The purpose of this study was to compare the efficacy of Invisalign’s (Align Technology, Santa Clara, Calif) optimized and conventional attachments on rotational and extrusive tooth movements.
Initial, predicted, and achieved digital dental models from 100 orthodontic patients were exported from Invisalign’s ClinCheck software as stereolithography files and subsequently imported into the Slicer CMF program (version 4.7.0; www.slicer.org ) for superimpositions on posterior teeth with no planned movement. Rotational and extrusive measurements for both optimized and conventional attachments were made on 382 teeth from the superimposition of the initial and predicted models (predicted movement) and from the superimposed initial and achieved models (achieved movement). Predicted and achieved movements were compared along with movements of teeth with optimized and conventional attachments.
Differences between accuracies of tooth movements using optimized vs conventional attachments for both rotation and extrusion were neither statistically nor clinically significant. Mean predicted values were larger than mean achieved values for all attachment types and movements ( P < 0.0001). For extrusion, the mean difference between predicted and achieved movements was clinically significant (0.40 mm and 0.62 mm for optimized and conventional attachments, respectively). Overall, the mean accuracy was 57.2%. Mean accuracy was 63.2% for rotation and 47.6% for extrusion. Interproximal reduction or spacing did not significantly affect accuracy.
Conventional attachment types may be just as effective as Invisalign’s proprietary optimized attachments for rotations of canines and premolars and extrusion of incisors and canines. Clinicians should consider overcorrecting tooth movements, especially anterior tooth extrusion.
A clinically detectable amount of tooth movement was chosen to be 15° and 0.2 mm.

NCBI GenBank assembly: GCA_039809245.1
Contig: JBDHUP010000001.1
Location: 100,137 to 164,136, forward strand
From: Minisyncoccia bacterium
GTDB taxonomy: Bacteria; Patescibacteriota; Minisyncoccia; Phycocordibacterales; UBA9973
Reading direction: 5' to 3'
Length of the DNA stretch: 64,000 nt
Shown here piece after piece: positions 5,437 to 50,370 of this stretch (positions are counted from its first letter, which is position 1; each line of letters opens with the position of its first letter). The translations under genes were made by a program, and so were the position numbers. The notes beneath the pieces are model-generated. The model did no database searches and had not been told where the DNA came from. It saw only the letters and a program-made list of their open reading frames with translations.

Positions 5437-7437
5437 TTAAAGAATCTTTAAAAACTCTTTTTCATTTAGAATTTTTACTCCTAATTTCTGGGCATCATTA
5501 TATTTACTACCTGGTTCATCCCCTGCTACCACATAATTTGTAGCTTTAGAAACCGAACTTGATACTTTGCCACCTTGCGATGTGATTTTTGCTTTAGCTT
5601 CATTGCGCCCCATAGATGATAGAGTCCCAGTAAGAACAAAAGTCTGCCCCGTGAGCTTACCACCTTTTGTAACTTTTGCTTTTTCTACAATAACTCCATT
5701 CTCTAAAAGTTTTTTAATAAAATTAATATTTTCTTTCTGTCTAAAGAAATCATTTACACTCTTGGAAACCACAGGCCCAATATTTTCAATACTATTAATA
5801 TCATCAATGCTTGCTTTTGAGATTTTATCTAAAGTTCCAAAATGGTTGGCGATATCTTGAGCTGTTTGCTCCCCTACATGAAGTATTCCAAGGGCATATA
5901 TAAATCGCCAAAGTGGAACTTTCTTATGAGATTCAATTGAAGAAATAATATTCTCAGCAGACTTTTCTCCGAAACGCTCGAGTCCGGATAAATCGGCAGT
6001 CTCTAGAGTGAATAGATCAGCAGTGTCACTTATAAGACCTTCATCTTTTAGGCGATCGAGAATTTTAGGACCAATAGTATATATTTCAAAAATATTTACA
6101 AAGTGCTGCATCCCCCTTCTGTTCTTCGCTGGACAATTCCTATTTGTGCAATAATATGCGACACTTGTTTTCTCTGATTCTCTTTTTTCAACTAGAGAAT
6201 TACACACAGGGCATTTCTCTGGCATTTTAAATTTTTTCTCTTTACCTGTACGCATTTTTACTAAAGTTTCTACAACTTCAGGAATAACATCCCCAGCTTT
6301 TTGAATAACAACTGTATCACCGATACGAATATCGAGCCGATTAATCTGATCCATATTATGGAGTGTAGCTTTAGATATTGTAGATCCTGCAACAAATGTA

The efficacy of Invisalign’s optimized and conventional attachments was similar.
Mean accuracy was 63.2% for rotation and 47.6% for extrusion.
Clinicians may overcorrect extrusion by 0.4 mm to 0.6 mm and rotations by 4° to 6°.
Although fixed orthodontic appliances are still widely used today, the advent of removable clear aligners has undoubtedly revolutionized the field of orthodontics in recent years. In 1997, Align Technology (Santa Clara, Calif) developed Invisalign, which is arguably the most used and recognizable clear aligner system today. Initially, each Invisalign aligner was programmed to move a tooth 0.25 to 0.33 mm over 14 days. , In 2016, Invisalign changed its protocol from two-week wear to weekly aligner switches, decreasing treatment time by up to 50%. Each aligner is to be worn for 20-22 hours a day to be effective. ,
Several studies have evaluated the accuracy of the Invisalign system by superimposing predicted and achieved virtual models over unmoved posterior teeth using 3-dimensional (3D) superimposition software. , Although it is possible that the teeth superimposed on may move during treatment, more stable landmarks (ie, palatal rugae) are not available on Invisalign’s predicted models because they only illustrate teeth and attached gingiva. In addition, most of these studies were conducted before the release of Align Technology’s SmartTrack (LD30; Align Technology) material developed in 2013 and before weekly aligner switches were recommended in 2016.
A recent systematic review concluded that Invisalign could predictably level, tip, and derotate anterior teeth, but not canines and premolars. The authors found that limitations of Invisalign also include posterior arch expansion through bodily tooth movement, closure of extraction spaces, improvement of occlusal contacts, extrusion of maxillary incisors, and correction of large anteroposterior and vertical discrepancies. To increase effectiveness, composite attachments are bonded to teeth so that the aligner can be more retentive and to facilitate tooth movement.
The first Invisalign attachments were conventional attachments that were either ellipsoid or rectangular in shape. The ellipsoid shape is considered the least effective attachment today because of its small size and lack of a defined active surface. Conventional rectangular attachment dimensions, prominence, degree of beveling, and position on the tooth may be changed according to clinician preference in the ClinCheck Pro software (Align Technology) and are still widely used today. Optimized attachments, a type of SmartForce feature introduced in 2009, are engineered and patented by Align Technology to create precise biomechanical forces on teeth, thus increasing the predictability of tooth movement. They vary by shape and are automatically placed by the ClinCheck software when a certain amount and type of planned tooth movement is detected. Optimized rotation attachments are automatically placed onto canines or premolars when a rotation of ≥5° is detected. Maximum rotational velocity is 2° per stage. Optimized extrusion attachments are applied on to incisors or canines when ≥0.5 mm extrusion is detected by the software. Maximum linear velocity is 0.25 mm per stage.